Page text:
Not one of Jacob’s sitters has ever shown up at the door, taken a bow, and said, “at your service”. And yet, the ones that have been in our lives for years now, have that very attitude every time they are in our home. They are ready and willing to help out and literally do whatever it takes. In an emergency, I know I can call on them. Their mission is for Jacob to have a good day and us to have enjoyable time away. They are not family but I count them as such. I consider them a godsend with all sincerity. And I thank the Lord for giving them a heart of service.

Godsend definition, an unexpected thing or event that is particularly welcome and timely, as if sent by God. Urban Dictionary: When a situation is tense and unexpectantly something or someone arrives that completely eases the situation. In other words, a life-saver.

Over the last year alone, Mike and I have been able to enjoy several 4-day vacations because we had sitters we could count on watching our son. That, my friends, is an invaluable gift, a godsend, that I do not take for granted.

Scrawny Surprising Strength

Once a caring friend asked if I was afraid Jacob was going to hurt me. “I am more afraid of accidentally hurting him”, was my answer. Jacob isn’t a big fella, he barely weighs 100 pounds. He has been described as scrawny, thin, and underweight. I am continually thankful to God that he isn’t over 6’ tall like his brother. But, seriously, his strength is deceiving. Just ask the trained dental staff when he goes for a check-up twice a year!! I know the words scrawny and strength don’t seem to go together – actually contradict each other. That’s why I threw the word surprising in there because Jacob’s strength surprises anyone who spends much time around him.

Sometimes I find myself using the term ‘strong-arming’ when I’m describing an interaction with Jacob.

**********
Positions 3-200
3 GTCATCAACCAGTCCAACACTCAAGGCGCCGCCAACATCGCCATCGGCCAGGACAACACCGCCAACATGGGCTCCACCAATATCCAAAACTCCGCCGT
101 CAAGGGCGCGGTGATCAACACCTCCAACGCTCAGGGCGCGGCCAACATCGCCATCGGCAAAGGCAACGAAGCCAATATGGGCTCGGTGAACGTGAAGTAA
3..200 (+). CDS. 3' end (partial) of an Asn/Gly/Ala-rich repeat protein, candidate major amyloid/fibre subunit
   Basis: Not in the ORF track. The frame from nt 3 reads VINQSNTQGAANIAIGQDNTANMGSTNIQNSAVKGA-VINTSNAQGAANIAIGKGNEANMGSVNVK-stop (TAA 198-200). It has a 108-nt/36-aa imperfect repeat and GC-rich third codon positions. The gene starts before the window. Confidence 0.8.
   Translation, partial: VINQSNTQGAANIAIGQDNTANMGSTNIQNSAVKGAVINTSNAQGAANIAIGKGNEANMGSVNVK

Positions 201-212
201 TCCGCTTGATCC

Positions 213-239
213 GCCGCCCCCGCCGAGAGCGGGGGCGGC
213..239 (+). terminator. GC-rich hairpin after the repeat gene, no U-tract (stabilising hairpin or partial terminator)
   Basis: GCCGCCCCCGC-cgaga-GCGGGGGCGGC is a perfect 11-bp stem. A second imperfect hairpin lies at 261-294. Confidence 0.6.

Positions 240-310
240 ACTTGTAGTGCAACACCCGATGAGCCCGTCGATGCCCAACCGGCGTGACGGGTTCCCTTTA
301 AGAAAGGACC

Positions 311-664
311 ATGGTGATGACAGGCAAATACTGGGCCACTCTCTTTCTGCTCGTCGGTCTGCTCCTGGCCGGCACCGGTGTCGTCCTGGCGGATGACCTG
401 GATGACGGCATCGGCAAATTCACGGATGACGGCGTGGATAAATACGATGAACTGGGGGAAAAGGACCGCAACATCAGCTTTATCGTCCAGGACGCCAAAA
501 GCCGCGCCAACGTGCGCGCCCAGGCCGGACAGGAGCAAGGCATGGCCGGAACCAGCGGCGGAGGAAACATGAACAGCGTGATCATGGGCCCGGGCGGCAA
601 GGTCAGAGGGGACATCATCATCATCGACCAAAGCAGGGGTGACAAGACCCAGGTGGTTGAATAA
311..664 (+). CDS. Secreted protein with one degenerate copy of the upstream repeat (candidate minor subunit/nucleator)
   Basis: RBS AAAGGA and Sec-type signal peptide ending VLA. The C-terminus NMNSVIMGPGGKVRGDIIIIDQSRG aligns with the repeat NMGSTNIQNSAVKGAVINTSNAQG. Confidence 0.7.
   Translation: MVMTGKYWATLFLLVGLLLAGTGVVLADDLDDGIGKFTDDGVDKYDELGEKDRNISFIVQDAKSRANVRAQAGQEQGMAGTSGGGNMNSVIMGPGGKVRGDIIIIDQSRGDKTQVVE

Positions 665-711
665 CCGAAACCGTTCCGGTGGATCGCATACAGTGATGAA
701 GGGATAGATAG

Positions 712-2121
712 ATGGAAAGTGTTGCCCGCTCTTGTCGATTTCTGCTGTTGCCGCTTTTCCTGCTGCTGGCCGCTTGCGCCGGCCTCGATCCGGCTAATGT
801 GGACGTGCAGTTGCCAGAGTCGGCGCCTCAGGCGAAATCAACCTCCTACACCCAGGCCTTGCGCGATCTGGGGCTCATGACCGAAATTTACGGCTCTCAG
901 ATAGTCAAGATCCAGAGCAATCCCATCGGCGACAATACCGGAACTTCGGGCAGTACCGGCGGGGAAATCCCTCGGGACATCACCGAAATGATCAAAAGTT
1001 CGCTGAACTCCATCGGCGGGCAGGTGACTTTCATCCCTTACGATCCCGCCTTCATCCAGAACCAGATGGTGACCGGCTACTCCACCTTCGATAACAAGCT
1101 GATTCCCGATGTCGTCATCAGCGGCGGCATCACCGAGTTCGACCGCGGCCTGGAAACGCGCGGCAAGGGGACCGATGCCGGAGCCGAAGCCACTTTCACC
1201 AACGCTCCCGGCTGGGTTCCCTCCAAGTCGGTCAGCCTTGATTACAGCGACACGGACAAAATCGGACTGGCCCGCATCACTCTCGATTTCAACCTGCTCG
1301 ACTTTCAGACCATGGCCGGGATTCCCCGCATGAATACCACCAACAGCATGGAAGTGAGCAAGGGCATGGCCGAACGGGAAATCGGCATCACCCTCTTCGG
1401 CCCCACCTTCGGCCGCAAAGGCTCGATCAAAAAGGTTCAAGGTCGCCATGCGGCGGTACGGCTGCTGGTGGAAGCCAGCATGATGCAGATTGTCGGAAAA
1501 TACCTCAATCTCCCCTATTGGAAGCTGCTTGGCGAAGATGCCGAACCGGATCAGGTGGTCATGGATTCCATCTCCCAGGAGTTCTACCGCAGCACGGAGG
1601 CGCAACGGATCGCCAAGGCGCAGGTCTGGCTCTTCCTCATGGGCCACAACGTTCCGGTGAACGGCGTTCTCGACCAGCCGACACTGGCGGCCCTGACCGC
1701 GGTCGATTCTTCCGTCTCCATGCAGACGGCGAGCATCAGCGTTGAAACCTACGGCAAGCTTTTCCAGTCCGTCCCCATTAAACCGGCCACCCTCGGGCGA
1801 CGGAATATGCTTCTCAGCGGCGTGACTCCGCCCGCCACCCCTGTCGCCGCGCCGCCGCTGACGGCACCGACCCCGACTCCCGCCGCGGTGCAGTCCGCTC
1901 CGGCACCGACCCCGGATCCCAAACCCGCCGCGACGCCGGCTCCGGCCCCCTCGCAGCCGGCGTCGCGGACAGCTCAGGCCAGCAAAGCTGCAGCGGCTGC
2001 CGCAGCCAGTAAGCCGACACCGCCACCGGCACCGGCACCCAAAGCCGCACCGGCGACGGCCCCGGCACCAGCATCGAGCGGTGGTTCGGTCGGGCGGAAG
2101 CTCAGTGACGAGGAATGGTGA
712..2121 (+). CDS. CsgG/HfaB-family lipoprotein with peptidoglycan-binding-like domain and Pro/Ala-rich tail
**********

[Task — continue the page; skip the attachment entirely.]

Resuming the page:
strong-arm (strông′ärm′) Informal adj.
Using physical force or coercion: strong-arm tactics.
tr.v. strong-armed, strong-arm·ing, strong-arms
To use physical force or coercion against.

Whether it is dressing, shaving, brushing his teeth, taking medicine, etc., if the mood strikes him and he decides not to cooperate, he will grab my forearms and lock his. I am left struggling to accomplish the task at hand. I know. I know. It can’t be that hard to break free. It is. It just is. I have had bruises on my arms from the strength in his fingers. Surprising strength.

One particular morning I was in his room to get him ready for the day and sure enough, strong-armed. His television was on and I really don’t know if it was a news feature or a regular show. But, I do know this, it was about a family who had adopted multiple children with special needs. We have adoption in our family so just the word made me pause and pay attention. Add in special needs and I thought, I want to hear more. The story that unfolded was moving beyond belief as THREE of the children had no arms. It was inspiring to see how they had worked so hard to overcome such tremendous hardships. Hardships most of us will never know. I am positive it was no accident that I heard that story that morning. And God spoke to me clearly. I was convicted right then and there to be thankful that Jacob has his arms. And can use them as he desires as some of his peers don’t even have that ability. His strength can be an asset that will come in handy through the years.

“I cried because I had no shoes until I met a man who had no feet” .
― Helen Keller

When someone handles us roughly, our first response is to fight back.
That is what I mean by being fearful of hurting him. Human nature provides an adrenaline rush to defend ourselves. And yet, that rush shouldn’t be necessary for daily self-care. I really want to just diffuse a situation to redirect him and make sure neither of us gets hurt. He uses what he has to communicate and strong-arming is a language we both understand. Got that loud and clear.